This summer, the fast-food giant is putting away its gonzo fried-waffle tacos and growing up a little by opening the official-sounding U.S. Taco Co. and Urban Taproom in Huntington Beach, California. Much like Super Chix, the KFC spinoff that just launched in a strategic attempt to tap into Chick-fil-A's customer base, the test-market restaurant is Taco Bell's attempt to out-Chipotle Chipotle. To that end, the focus at U.S. Taco is "$4 premium tacos" that come in flavors like "Southern Squealer," which is kind of a sad way of saying pulled pork, and "Brotherly Love," the "cheesesteak-inspired" taco seen here, which one imagines a Philadelphian might leave on the doorstep of someone he does not like it's got cotija on it instead of Whiz.
Here's more innovation: Taco Bell senior brand manager Jeff Jenkins tells Ad Age that one idea is that the eclectic menu which may include 10 out of a backlist of 20 "developed" tacos at any given time will lend itself to lots and lots of Instagram posts, while Nation's Restaurant News reports that customers "can also order their fries loaded with taco ingredients sans tortilla as a 'secret menu' option."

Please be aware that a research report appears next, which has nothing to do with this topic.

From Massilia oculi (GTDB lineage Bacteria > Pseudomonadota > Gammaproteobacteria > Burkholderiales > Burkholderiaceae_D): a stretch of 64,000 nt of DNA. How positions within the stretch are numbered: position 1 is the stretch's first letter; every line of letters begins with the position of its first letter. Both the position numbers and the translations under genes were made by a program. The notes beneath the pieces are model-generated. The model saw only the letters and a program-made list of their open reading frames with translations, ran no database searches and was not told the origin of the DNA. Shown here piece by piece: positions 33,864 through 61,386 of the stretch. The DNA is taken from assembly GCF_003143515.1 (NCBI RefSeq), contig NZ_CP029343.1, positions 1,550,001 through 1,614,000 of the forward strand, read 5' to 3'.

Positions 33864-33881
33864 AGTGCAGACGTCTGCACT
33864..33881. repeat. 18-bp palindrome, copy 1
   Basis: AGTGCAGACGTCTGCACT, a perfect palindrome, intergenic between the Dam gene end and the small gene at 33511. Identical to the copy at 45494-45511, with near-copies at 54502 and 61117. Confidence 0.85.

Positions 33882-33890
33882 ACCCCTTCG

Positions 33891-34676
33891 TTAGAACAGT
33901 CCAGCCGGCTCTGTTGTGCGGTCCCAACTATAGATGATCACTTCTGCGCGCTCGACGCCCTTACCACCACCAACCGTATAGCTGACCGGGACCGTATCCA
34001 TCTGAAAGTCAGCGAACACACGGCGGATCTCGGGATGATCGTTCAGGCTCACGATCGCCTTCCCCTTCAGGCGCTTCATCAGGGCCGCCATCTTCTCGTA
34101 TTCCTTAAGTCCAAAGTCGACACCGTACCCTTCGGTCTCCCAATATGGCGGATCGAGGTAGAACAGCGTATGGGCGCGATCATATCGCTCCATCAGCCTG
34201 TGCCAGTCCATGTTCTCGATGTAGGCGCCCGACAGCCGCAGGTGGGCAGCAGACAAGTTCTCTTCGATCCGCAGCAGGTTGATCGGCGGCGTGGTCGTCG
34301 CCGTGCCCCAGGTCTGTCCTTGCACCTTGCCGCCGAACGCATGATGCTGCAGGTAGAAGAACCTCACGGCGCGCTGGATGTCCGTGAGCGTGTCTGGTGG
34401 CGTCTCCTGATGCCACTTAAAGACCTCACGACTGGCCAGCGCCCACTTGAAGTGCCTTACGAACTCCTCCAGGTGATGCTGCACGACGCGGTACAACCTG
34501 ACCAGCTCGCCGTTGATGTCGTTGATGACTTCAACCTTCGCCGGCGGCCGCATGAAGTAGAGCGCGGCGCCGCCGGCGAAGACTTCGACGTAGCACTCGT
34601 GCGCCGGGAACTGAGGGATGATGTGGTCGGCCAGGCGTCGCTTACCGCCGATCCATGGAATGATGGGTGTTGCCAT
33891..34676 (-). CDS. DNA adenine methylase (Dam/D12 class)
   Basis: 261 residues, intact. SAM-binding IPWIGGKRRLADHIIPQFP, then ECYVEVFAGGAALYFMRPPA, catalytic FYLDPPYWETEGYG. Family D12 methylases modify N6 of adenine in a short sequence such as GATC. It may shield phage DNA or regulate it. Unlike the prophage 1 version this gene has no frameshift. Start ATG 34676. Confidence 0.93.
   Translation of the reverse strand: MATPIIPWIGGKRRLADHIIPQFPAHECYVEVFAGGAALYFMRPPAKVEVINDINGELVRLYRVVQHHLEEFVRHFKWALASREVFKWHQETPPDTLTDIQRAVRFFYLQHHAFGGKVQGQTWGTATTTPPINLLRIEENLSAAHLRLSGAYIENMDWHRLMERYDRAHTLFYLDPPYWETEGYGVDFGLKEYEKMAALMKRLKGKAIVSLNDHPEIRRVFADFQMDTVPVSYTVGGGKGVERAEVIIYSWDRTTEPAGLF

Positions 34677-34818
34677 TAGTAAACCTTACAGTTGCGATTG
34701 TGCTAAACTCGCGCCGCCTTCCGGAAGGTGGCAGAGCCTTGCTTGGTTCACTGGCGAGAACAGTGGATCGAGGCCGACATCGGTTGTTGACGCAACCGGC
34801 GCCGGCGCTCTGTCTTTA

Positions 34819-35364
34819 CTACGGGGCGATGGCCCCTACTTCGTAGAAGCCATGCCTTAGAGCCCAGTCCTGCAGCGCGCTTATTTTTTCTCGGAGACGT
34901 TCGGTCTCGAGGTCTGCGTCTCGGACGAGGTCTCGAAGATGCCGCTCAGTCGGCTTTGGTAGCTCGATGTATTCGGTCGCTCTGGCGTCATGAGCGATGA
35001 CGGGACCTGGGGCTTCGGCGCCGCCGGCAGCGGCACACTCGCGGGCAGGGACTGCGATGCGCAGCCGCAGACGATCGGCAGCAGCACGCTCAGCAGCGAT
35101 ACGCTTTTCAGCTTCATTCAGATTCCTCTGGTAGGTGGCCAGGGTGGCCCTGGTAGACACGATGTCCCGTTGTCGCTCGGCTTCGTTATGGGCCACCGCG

But isn't a secret menu item supposed to be a secret, especially at a time before the restaurant has served its very first customers? And is what happens in an "urban taproom" fundamentally different from what happens in a "suburban taproom"? Where have all the great suburban taprooms gone? And are fast-food rules, if they exist like the test-market restaurant's website says they do, really meant to be "broke," or just broken?
"Taco Bell is Mexican-inspired. U.S. Taco is American-inspired," is how Greg Creed, the chain's chief executive, explains what must have been the result of intense focus-group data-crunching and flavor profile-supercomputing. That also explains why the restaurant is serving a somewhat offensive-sounding boozy milkshake called the Mexican Car Bomb. In a Mason jar, no less.